John Kerry, the current Secretary of State and 2004 Democratic presidential candidate, is in hot water for the comments he made today from the U.S.Embassy in Turkey regarding last week’s Paris terror attacks. Politico reported that Kerry was offering up some sympathetic words about the recent terror attack in Paris and decided to bring January’s Charlie Hebdo terror attack into the discussion.
The Inquisitr reported on the Charlie Hebdo murders, in which two French-born brothers killed 10 members of the Charlie Hebdo staff and two police officers in retaliation for the magazine’s many Mohammad cartoons and their satirical portrayal of Islam. Cherif and Said Kouachi parent’s were originally from Algeria, and the two boys were sent to an orphanage following their mother’s suicide. The boys were raised in the Islamic faith, and French authorities believe they were radicalized in their late teenage years.
Kerry’s remarks Tuesday did not exactly come out the least bit sympathetic to the recent Paris attack that left more than 100 people dead or Charlie Hebdo terror attacks.
“There’s something different about what happened from Charlie Hebdo, and I think everybody would feel that. There was a sort of particularized focus and perhaps even a legitimacy in terms of — not a legitimacy, but a rationale that you could attach yourself to somehow and say, OK, they’re really angry because of this and that.”
Seemingly realizing that something was amiss, or possibly realizing that he said something wrong, John Kerry attempted to clarify his comments by claiming the much higher body count of last week’s terror attacks made them worse than the Charlie Hebdo massacre. Secretary Kerry merely seemed to insert his foot further into his mouth.
“This Friday was absolutely indiscriminate. It wasn’t to aggrieve one particular sense of wrong. It was to terrorize people.”
Breitbart News reported that Politico Editorial Director Blake Hounsel harshly criticized Secretary John Kerry for his Paris terror attacks comments, saying, “This Kerry quote is really something else. I mean, what was he thinking?” So far, only one senator has called on Kerry to apologize for his seemingly insensitive, bizarre remarks. Republican U.S. Senator, Cory Gardener, said he was calling on Secretary Kerry to “apologize for these offensive remarks, and Gardener emphasized his disgust by saying, “Terrorism is terrorism.”
Two Republican 2016 presidential hopefuls also slammed Kerry for his remarks, and former New York Governor, George Pataki took to Twitter to suggest that John Kerry should resign for his comparison of the Charlie Hebdo murders to the Paris terror attack, according to the Daily Caller.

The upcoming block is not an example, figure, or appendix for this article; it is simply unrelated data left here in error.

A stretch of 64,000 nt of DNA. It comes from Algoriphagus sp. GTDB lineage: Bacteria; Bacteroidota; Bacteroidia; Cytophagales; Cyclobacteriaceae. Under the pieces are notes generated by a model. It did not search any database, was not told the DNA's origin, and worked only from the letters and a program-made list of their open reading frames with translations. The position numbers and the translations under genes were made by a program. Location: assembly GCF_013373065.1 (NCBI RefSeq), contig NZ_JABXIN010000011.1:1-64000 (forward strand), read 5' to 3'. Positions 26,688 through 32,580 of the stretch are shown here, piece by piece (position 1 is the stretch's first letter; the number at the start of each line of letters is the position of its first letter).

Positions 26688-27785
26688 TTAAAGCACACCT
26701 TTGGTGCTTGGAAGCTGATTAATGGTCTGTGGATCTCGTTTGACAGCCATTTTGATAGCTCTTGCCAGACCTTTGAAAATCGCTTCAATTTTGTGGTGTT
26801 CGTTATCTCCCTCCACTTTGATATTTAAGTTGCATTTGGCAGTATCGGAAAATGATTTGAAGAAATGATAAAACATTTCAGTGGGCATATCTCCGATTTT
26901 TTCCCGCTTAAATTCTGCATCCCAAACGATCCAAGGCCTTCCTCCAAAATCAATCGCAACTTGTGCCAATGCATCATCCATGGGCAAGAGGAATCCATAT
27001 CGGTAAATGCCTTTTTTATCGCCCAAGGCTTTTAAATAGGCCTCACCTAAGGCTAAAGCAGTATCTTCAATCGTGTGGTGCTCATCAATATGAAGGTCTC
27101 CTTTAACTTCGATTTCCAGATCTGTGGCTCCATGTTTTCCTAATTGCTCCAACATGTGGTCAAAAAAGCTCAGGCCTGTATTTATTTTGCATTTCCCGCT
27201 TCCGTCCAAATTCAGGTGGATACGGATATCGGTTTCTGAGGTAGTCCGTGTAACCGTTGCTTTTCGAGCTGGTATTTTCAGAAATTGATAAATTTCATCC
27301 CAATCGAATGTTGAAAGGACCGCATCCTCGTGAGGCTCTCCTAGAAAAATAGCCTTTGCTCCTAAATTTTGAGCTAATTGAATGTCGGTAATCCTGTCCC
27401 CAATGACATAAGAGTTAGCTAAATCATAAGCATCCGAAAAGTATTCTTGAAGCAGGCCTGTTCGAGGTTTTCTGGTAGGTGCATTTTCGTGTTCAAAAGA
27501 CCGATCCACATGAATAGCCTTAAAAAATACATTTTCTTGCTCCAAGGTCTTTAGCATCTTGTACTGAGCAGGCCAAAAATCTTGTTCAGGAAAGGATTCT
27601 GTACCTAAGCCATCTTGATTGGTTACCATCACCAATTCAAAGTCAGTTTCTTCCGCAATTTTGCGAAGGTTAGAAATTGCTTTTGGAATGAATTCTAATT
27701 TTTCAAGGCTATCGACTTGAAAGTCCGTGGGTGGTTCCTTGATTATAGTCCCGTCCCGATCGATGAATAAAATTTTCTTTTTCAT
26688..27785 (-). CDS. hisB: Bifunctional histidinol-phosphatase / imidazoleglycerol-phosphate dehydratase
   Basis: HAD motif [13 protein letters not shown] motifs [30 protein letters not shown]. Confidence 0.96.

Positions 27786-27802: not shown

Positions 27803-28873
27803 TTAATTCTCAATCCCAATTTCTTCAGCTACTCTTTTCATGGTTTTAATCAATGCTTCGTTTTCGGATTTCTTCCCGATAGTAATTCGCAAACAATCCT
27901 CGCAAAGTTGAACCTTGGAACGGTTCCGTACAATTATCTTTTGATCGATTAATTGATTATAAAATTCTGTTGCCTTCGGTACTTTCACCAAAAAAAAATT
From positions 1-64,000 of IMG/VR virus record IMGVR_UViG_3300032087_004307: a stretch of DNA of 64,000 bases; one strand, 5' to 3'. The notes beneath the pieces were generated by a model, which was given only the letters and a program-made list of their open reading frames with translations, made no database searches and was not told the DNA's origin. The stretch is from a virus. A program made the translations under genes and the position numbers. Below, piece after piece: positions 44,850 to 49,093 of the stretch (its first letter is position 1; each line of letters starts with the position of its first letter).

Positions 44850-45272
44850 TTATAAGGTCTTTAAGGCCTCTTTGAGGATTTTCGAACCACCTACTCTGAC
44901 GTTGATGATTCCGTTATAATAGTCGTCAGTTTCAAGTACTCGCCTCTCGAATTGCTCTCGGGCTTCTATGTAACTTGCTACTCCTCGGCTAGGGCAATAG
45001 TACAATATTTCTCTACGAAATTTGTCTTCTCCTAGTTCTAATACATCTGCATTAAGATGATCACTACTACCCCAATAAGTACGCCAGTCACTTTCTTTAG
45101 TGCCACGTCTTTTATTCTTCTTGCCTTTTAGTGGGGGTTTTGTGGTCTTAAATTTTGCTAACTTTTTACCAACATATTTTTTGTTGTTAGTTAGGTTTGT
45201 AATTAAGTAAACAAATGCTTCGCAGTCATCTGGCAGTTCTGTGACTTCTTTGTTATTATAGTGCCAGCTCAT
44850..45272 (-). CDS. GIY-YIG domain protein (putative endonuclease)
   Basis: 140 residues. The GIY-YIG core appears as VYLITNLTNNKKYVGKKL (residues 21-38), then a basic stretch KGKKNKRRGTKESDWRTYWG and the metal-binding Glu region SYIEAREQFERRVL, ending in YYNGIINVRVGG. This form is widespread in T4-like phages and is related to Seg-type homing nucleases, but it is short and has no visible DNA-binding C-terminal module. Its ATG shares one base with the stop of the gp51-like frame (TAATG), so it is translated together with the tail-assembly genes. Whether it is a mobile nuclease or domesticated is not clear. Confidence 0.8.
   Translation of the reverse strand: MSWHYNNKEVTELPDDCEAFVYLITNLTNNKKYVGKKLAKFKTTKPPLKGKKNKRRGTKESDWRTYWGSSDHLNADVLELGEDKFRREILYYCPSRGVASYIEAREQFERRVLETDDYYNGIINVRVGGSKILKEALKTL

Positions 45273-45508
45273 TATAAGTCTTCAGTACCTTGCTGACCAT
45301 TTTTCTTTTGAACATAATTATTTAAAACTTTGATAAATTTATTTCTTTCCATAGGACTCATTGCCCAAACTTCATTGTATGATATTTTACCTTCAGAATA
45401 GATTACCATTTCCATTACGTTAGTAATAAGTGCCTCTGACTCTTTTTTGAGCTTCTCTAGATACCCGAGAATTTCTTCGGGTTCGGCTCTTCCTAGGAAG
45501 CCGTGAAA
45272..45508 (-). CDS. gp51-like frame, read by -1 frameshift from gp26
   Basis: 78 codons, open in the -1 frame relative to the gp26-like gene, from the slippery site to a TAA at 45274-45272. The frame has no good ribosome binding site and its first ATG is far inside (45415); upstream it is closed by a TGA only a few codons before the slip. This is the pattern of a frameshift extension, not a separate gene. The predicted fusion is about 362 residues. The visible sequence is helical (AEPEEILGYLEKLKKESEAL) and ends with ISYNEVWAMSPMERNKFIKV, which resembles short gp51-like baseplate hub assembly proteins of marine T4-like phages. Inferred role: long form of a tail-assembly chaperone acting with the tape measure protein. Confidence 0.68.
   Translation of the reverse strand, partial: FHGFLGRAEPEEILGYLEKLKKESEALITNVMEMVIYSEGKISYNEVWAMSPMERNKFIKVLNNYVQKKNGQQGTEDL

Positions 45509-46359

“John Kerry should immediately resign or be fired. Saying there was a rationale for the Charlie hebdo massacre is inexcusable.”
Former Florida Governor Jeb Bush stopped short of calling for Kerry’s resignation, firing, or even mentioning him by name on the campaign trail. He instead took the moment to talk tough on terrorism and say it never deserves empathy or any attempt to explain terror attacks as a rational act.
“There should be no empathy and there’s no rationale for barbaric Islamic terrorists who want to destroy Western civilization.”
This is not the first time John Kerry has landed in the hot seat for a foot-in-mouth comment as Secretary of State.
Politico reported in 2013 that Kerry was asked an open-ended question relating to the Syrian conflict, and what President Bashar Assad could do to avoid U.S. airstrikes. Secretary Kerry, without hesitation, gave a clear, concise, and direct response.
“Sure, he could turn over every bit of his weapons to the international community within the next week, without delay.”
The unplanned remark pushed the narrative in that direction as Russia stepped in to take up John Kerry’s suggestion and offered to mediate the transfer of Syria’s chemical weapons.
The Daily Beast reported last April, at a time when Secretary Kerry was attempting to broker a two-state solution with Israel and Palestine, that in a recorded statement, Kerry used the term “Apartheid” when referring to Israel. Kerry said that without a two-state, Israel risked becoming an “Apartheid state.”
Apartheid is defined as a “inhumane acts” committed by “an institutionalized regime of systematic oppression and domination by one racial group over any other,” and the job of Secretary of State is usually to use statecraft and diplomacy to create peaceful solutions to the world’s problems. Certainly, his job is not to use inflammatory words to demonize one of America’s closest allies, and essentially take a side when he was supposed to be an impartial negotiator. The end result pushed both sides further apart, and as a result, the negotiations were a complete failure.
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